References

Simonson, M., Smaldino, S., Albright, M., & Zvacek, S. (2012). Teaching and learning at a distance: foundations of distance education. Boston, MA, USA: Pearson.

Reflection on Learning Theories

People are constantly learning.  Everyday we are presented with immense amount of information, especially at present date after computers and technology became part of our daily routine.  But people do not always learn in the same manner.  It depends tremendously which age group people belongs to how we behave and process the new things that are presented to us (Ormrod, Schunk, & Gredler, 2009).

What I found most interesting regarding what I learned in this course is the function of the brain and how we process things into working memory or long term memory and how all those different learning theories go about explaining how the brain works regarding to memorizing things in different ways but still with similar learning outcomes (Ormrod, Schunk, & Gredler, 2009).

http://openclipart.org/detail/36181/education-by-netalloy

Picture from Open Clipart Library

This course has deepened my understanding on the main difference between Behaviorism, Cognitivism, Constructivism, Connectivism, Social learning theories and how adults go about learning differently than young people and children.  The course has also deepened my knowledge of how I myself learn things and in the process I have placed myself as a Connectivism learner.  In the beginning of the course I saw myself as a Cognitive learner that learned best using visual aid but as the course progressed I had to rethink my own learning process and the results were a bit surprising for me but there is no doubt about it that I am an ideal Connectivism learner.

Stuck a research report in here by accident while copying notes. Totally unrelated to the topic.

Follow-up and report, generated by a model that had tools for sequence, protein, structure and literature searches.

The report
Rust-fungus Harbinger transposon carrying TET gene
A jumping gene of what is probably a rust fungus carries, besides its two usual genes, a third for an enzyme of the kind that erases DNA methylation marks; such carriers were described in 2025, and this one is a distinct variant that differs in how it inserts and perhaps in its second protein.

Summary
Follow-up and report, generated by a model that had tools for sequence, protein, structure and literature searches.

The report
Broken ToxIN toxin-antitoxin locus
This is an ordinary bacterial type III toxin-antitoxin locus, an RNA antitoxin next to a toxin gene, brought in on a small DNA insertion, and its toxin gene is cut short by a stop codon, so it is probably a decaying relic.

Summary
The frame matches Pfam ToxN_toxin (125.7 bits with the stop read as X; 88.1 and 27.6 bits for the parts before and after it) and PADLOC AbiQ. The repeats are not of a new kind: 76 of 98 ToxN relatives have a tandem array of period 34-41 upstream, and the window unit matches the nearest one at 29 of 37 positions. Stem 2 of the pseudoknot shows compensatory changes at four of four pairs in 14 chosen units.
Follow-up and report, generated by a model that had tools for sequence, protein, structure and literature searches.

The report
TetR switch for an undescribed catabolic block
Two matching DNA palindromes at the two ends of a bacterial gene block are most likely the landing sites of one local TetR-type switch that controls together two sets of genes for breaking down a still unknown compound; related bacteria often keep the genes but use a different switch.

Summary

Learning theories, learning styles, educational technology, and motivation are all connected together and one part cannot exist without other.  We use them as a tool to guide us in the right direction when we plan a syllabus or a course material as instructional designers.  We cannot always tailor for everybody’s need regarding courses and course material but with the knowledge we have gained about learning theories and styles, and with modern technology we can present course material with a variation that in the end most (and hopefully all) students can adapt their learning curve to their personal learning style and intrinsic motivation (Ormrod, Schunk, & Gredler, 2009).